This morning I got the first half of my long ride done before the sun came up. My reward for that was that the rest of my ride was filled with sunrise over the Manatee River, song birds in the trees, pelicans soaring over the water, and, yes, even a dolphin. Lesson to me: get up early and get the long ride done, and do it somewhere pretty. It was so much better than my last long ride, which was 40-something miles of full midday sun on Highway 41 and a jersey splattered with dead love bugs, just like my car windshield.

I'm 10 weeks into the 30-week training schedule for Ironman Chattanooga. The thing I'm the most happy about is that I still haven't skipped or cut short a single workout. In fact, I'm actually ahead on my schedule and have put a few extra workouts in the bank. I did this because I assumed I would skip some workout days on vacation in Arizona and on my work trip to Savannah. Actually I ran every single day in both of those places, so I still have workouts in the bank! It's a great feeling to know that I'm at 100%, although I do worry a little about the psychological impact when life causes me to miss a workout. Oh well, cross that bridge when I come to it.

Overall, things are going... well. I'm afraid to be too optimistic. I've had this feeling before, where I was like, Ironman training is awesome and I never have trouble motivating myself to do workouts and I'm in perfect shape, et cetera, and then had it all tank to the point where I hated life, spent most of my time dreading workouts, and was miserable to live with. So that could happen again. At the moment, though, everything is good and I'm not complaining. Could it be better? Yes, and there are still some things I could do to make it better, which maybe I will do before the Third Month Update and maybe I will not.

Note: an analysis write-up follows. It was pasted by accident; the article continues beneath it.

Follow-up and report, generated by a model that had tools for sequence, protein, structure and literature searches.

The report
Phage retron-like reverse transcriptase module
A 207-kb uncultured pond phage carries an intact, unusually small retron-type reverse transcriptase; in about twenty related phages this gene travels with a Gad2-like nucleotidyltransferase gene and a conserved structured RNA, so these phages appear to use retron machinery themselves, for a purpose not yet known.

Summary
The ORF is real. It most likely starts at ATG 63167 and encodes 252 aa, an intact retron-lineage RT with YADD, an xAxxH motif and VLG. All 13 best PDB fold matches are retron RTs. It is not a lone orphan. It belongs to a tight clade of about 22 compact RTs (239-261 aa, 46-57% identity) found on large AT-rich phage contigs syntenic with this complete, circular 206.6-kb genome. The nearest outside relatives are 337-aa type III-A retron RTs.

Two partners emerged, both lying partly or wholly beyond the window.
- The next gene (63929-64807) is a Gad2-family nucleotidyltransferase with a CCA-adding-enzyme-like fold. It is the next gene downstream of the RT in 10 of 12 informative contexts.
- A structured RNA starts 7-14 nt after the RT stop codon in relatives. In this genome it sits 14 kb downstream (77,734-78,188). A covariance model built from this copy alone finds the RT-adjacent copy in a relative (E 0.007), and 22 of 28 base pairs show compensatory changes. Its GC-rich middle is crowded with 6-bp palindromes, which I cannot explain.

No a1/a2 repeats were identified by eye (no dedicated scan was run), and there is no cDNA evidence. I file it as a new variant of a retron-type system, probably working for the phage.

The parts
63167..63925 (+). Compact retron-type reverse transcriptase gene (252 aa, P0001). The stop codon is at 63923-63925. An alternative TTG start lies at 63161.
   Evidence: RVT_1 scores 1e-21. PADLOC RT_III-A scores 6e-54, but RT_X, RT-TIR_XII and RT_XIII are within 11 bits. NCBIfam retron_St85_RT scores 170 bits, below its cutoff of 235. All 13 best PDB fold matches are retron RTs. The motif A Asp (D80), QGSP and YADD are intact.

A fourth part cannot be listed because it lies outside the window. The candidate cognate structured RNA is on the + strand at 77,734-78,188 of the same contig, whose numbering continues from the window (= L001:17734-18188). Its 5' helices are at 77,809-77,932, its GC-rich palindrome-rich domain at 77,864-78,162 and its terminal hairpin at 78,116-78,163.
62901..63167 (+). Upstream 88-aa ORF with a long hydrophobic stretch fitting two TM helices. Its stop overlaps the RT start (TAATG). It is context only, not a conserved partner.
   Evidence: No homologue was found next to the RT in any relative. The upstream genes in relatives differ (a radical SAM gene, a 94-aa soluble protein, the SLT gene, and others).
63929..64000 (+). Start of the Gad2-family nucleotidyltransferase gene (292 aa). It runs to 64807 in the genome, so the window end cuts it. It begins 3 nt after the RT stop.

SWIM -- There is one good thing about swimming and one crappy thing. The good thing is that, mentally, I don't really hate it. Partly I'm sure that's because the pool is back to feeling like a giant warm bathtub, just how I like it. I don't spend my whole workout dreading the next part of the workout and wanting to get out. All my swim workouts for the first stage of training have been 2500 yards; next week they go up to 3000 yards. The actual Ironman swim is 4200 yards, so I know I will be able to do the distance, and I SHOULD be able to do it in the time limit. The crappy thing is that I'm still a lousy swimmer. Not only am I not improving, I'm actually getting worse, despite religiously following the intervals and drills in the training program I'm using, and actually watching lots of swim videos on YouTube for the first time in my life. I have slid from 67 minutes for 2500 yards to 70 or 71 minutes, and it has been a very steady and consistent slide, where I literally watched my time going from 67 to 68 to 69 to 70 minutes over the weeks. I do not know the reason for this. I watch the swim videos and I swear I am focusing on every single element of the stroke and doing my best to make it look like it's supposed to. Full extension of arms, check. Rotate body, check. Keep head down, check. Keep one goggle in the water when breathing, check. Make sure angle of hand entry is correct, check. Bend wrist and arm the right way to pull, check. Pull all the way through, check. I mean, I know I have no kick, but lots of fast swimmers have hardly any kick. I'm not getting tired; my endurance feels limitless right now. So what the heck?